In a convincing demonstration that he has not lost his grip on the levers of Likud party power, Israeli Prime Minister Binyamin Netanyahu carried his proposal for early primaries by a vote of 1,567 to 835 on late Wednesday night.
Likud Central Committee members endorsed the rescheduling from January 6 to December 31 — the same day the party will decide on the makeup of its slate of candidates for the March Knesset election.
The victory came after rebellious elements at a party conference Tuesday night challenged the prime minister’s proposals in a raucous atmosphere, and a legal move to seeking a court injunction failed as well.
Former Likud No.2, Gideon Saar ended weeks of speculation about possibly running against Netanyahu for the chairmanship with an announcement on Thursday that he will not do so.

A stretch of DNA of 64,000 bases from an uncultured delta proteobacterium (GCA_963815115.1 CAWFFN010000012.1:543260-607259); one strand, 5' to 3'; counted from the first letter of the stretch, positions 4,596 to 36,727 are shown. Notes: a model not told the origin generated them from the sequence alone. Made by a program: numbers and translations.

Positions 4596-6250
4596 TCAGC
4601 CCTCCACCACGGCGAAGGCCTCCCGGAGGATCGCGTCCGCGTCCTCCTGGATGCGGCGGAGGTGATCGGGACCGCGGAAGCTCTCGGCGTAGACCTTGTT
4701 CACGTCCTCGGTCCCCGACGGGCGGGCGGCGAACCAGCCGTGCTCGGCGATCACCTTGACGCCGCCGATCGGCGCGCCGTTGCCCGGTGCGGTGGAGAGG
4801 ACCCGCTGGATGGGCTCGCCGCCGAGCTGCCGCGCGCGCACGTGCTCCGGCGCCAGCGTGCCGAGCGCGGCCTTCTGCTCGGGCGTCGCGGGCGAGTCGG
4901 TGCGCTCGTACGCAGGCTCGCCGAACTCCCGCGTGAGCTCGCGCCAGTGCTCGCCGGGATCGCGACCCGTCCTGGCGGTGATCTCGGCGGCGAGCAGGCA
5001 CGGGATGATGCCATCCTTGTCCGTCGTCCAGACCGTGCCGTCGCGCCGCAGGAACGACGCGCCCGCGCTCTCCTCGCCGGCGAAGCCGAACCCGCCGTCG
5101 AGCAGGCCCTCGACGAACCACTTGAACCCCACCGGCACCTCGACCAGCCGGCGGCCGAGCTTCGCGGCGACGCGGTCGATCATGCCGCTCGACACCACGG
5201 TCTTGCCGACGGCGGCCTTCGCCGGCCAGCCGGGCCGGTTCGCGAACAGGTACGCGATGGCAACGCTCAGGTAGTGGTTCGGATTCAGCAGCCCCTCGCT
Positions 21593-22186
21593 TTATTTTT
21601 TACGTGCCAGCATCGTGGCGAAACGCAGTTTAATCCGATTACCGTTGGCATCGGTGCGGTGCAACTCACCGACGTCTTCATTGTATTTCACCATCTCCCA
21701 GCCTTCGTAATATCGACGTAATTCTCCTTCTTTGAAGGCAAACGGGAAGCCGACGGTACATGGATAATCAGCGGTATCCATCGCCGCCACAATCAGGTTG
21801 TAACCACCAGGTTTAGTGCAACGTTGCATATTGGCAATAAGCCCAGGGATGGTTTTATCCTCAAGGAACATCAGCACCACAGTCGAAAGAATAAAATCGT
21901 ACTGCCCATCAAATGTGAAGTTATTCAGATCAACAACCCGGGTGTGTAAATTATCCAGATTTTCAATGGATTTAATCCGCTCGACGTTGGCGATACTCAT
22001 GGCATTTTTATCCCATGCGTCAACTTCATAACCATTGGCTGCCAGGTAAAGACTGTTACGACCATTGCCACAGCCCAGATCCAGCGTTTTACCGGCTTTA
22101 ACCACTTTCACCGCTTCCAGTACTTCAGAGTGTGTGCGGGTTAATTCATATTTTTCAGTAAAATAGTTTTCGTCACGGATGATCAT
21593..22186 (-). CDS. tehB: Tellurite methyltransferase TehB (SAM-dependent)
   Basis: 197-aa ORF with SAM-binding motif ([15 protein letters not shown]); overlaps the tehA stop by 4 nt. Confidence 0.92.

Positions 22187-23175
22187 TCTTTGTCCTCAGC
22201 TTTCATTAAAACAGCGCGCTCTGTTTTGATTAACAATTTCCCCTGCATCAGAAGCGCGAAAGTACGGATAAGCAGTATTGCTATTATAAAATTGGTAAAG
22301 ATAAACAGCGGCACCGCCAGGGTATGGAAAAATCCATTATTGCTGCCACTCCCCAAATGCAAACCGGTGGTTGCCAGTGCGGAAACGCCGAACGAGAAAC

“Over the last few days I received many touching overtures from friends in the Likud and citizens who called me to return from my timeout from politics that I declared three months ago and run for leader of Likud,” Saar said.
“I listened to everyone, studied a lot, sought advice and considered the issue seriously.”
The proposal to move up the election of Likud chairman was widely understood to be aimed at Saar, giving him less time to organize an effective challenge. Saar objected that it was unfair to change the rules in the middle of the game.
Meanwhile, former communications minister Moshe Kahlon officially named his new party Kulanu, meaning “All of Us.”
Sources close to Kahlon said his candidates would be revealed at a launch event next week.